Preparing to translate “Munkar and Nakir,” I reread the stories of Flannery O’Connor, whose darkly comic and grotesque portrayals of the American South are described as “Southern Gothic.” First published in the regional journal Dagestan, Alisa Ganieva’s “Munkar and Nakir” could be said to represent another incarnation of the genre—writing of the Russian South. And like the qualifier “American,” “Russian” is a complex category, which receives thorough treatment in the current issue of Words Without Borders.
Set in the ethnically and culturally distinct Russian republic of Dagestan, “Munkar and Nakir” illustrates the diversity of experiences and worldviews that fall under the heading of “Russian” or “Russophone.” From folk fertility practices to smartphones, the story depicts the specificity and variety of post-Soviet lives. Dagestan may be known to English-speaking readers, if it is known, from news articles about so-called Islamic extremism or terrorist events. And by extension, the story’s depictions of Islam in Russia may cause some readers to conflate its location with the greater Islamic world. But the religious and cultural contexts of the story do not contest its Russianness. In my translation, I sought to preserve this Russianness, which is inseparable from other features of the setting. For example, Ganieva’s characters recite Quranic verses in Russian-accented Arabic. Rather than opting for more conventional English transliteration, my translation maintains some of that diction. Likewise, I translated the head covering worn by Kebedov’s aunt as a “headscarf” rather than a hijab in order to signal the visual overlap between Islamic standards of modesty and the “babushka” style of grandmas аcross the post-Soviet world and beyond.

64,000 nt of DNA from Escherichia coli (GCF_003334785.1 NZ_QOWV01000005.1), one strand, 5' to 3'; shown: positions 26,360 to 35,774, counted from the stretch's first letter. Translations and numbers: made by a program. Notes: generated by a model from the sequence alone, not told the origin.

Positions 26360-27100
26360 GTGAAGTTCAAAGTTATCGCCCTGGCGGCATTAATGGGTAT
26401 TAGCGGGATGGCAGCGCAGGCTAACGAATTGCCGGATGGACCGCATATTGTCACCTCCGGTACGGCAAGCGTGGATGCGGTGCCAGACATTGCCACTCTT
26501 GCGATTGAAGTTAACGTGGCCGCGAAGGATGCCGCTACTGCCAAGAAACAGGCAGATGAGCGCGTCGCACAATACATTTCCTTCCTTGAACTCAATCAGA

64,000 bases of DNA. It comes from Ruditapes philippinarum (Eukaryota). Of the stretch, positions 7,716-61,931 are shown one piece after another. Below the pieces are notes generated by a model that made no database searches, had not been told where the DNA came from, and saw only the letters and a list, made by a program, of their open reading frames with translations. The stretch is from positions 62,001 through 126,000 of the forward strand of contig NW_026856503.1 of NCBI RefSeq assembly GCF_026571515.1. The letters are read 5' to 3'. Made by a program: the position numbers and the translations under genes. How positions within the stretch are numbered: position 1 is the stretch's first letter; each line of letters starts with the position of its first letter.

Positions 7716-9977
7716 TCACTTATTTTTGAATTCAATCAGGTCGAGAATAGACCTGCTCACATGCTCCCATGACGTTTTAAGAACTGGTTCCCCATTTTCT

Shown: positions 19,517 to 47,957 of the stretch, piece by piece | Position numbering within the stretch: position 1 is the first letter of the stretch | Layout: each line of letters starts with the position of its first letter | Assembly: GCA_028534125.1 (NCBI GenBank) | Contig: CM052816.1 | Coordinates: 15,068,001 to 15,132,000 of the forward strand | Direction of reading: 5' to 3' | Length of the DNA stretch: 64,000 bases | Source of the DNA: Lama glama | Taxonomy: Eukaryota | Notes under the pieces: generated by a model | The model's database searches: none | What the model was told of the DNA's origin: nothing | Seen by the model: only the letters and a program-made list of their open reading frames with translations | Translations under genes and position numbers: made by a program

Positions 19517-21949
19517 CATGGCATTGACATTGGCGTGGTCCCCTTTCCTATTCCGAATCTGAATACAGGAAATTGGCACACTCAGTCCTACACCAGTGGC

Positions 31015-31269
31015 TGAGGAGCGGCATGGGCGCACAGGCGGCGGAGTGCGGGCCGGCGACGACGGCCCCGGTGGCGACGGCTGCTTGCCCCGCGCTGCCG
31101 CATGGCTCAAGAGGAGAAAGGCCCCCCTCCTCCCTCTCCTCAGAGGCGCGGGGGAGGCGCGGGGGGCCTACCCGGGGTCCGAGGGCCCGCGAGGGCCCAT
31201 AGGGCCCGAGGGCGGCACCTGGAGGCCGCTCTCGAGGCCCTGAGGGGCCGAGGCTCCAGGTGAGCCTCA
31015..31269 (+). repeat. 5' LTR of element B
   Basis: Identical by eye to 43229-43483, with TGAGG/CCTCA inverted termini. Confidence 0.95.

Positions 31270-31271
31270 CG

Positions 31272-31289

The story’s larger Russian setting brings about a kind of miracle: In Dagestan—a mountainous republic of small, isolated communities where over fifty languages are spoken—two strangers meet and are able to converse. It is the lingua franca of Russian, a second language for both, that makes this plausible. But where language succeeds, the message still misses its mark. In the minutes before his death, Kebedov appeals to the stranger’s human sympathy and their shared Dagestani identity, but the man’s views are fixed—he is certain that Kebedov is an irredeemable sinner because “who else would God crush with a fallen rock?” In the end, common knowledge of Russian belies vast and insuperable difference. This failure of language proves fatal for Kebedov, but affirms storytelling and the practice of translation. For although the character’s entreaties go unheard by his Russian-speaking interlocutor, they echo across two languages and reach readers.